No. See: Don't roll your own security.
You've mixed up several terms.
It's not an HMAC if the key is public
An HMAC requires a secret key (sometimes called a pepper) as opposed to a salt, which is public. Otherwise it is not an HMAC; it is just a hash.
A common use of an HMAC is to create a tamper-resistant fingerprint in order to provide message integrity. It is not used for password storage.
Don't think you're talking about a dictionary attack
The purpose of using a salted hash to store a password is not to mitigate dictionary attacks. The purpose is to thwart attacks that use a rainbow table. Salt does not affect a pure dictionary attack; the only mitigation is to use a password that is not in the dictionary, e.g. by requiring special characters or requiring longer passwords.
I think you are asking...
I think you might be asking "Is it OK to use an HMAC algorithm with a public key (instead of a proper password hashing function, like BCrypt) to store a password hash?" In that case, the answer is still NO. You should use password hashing algorithms, not other hashing algorithms, for password hashing, because they have features specific to the problem. For example, they are purposefully slow, and/or provide parameters that let you specify number of iterations required, which increases the computational power required for dictionary attacks and can render them much more difficult when compared to ordinary hashes that work with a single pass.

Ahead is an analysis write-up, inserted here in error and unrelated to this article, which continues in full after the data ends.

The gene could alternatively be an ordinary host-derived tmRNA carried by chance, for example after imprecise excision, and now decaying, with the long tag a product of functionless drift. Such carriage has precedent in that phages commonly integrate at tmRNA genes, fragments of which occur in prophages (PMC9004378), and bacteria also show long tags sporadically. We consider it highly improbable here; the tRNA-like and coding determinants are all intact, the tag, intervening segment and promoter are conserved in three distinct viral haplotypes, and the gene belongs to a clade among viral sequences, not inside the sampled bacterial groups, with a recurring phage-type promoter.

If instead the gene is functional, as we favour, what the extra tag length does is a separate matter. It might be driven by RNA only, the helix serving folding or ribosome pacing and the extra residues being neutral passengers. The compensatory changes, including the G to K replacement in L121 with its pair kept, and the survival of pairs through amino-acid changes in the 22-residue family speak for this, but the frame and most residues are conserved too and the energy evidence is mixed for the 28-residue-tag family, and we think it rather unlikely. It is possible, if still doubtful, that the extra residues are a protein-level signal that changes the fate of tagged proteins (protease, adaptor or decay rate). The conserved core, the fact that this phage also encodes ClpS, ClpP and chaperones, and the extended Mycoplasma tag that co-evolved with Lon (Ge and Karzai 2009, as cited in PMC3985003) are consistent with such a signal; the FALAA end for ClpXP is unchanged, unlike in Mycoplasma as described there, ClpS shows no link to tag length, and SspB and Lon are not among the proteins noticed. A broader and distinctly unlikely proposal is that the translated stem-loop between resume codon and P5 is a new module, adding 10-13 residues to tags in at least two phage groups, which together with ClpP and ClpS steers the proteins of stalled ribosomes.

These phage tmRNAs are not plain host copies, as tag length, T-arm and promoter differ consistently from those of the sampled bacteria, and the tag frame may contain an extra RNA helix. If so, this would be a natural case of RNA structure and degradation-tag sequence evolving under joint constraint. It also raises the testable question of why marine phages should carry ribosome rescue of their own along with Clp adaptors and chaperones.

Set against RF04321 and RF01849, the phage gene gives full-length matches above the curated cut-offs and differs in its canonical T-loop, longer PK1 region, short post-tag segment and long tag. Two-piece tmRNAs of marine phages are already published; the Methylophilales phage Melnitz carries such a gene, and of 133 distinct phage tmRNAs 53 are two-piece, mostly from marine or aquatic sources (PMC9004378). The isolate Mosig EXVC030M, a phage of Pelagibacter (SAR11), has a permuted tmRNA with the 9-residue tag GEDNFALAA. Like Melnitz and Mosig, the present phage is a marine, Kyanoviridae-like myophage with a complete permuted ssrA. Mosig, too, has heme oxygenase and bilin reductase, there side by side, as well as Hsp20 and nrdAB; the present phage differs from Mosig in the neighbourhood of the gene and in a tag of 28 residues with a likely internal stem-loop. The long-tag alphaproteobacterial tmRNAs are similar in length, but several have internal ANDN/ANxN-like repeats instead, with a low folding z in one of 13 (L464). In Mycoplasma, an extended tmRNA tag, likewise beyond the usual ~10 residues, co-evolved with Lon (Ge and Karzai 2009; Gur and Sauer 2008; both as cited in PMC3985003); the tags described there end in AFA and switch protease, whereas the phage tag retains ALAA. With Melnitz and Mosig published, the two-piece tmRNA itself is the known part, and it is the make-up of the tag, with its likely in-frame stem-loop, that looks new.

Is it OK to use the user ID as a salt?
Sorry, no. It causes a few issues:
- Creates a problem if the user ever changes his ID (hash would need to be recomputed)
- User ID may not be long enough to thwart attacks
- Same user ID might be used for different services, making it easy for the hacker to tell if the same password was used as well
- Hacker might compose a set of rainbow tables based on a list of common user IDs.
Also, see this decent article on the topic, which states:
A good rule of thumb is to use a salt that is the same size as the output of the hash function. For example, the output of SHA256 is 256 bits (32 bytes), so the salt should be at least 32 random bytes.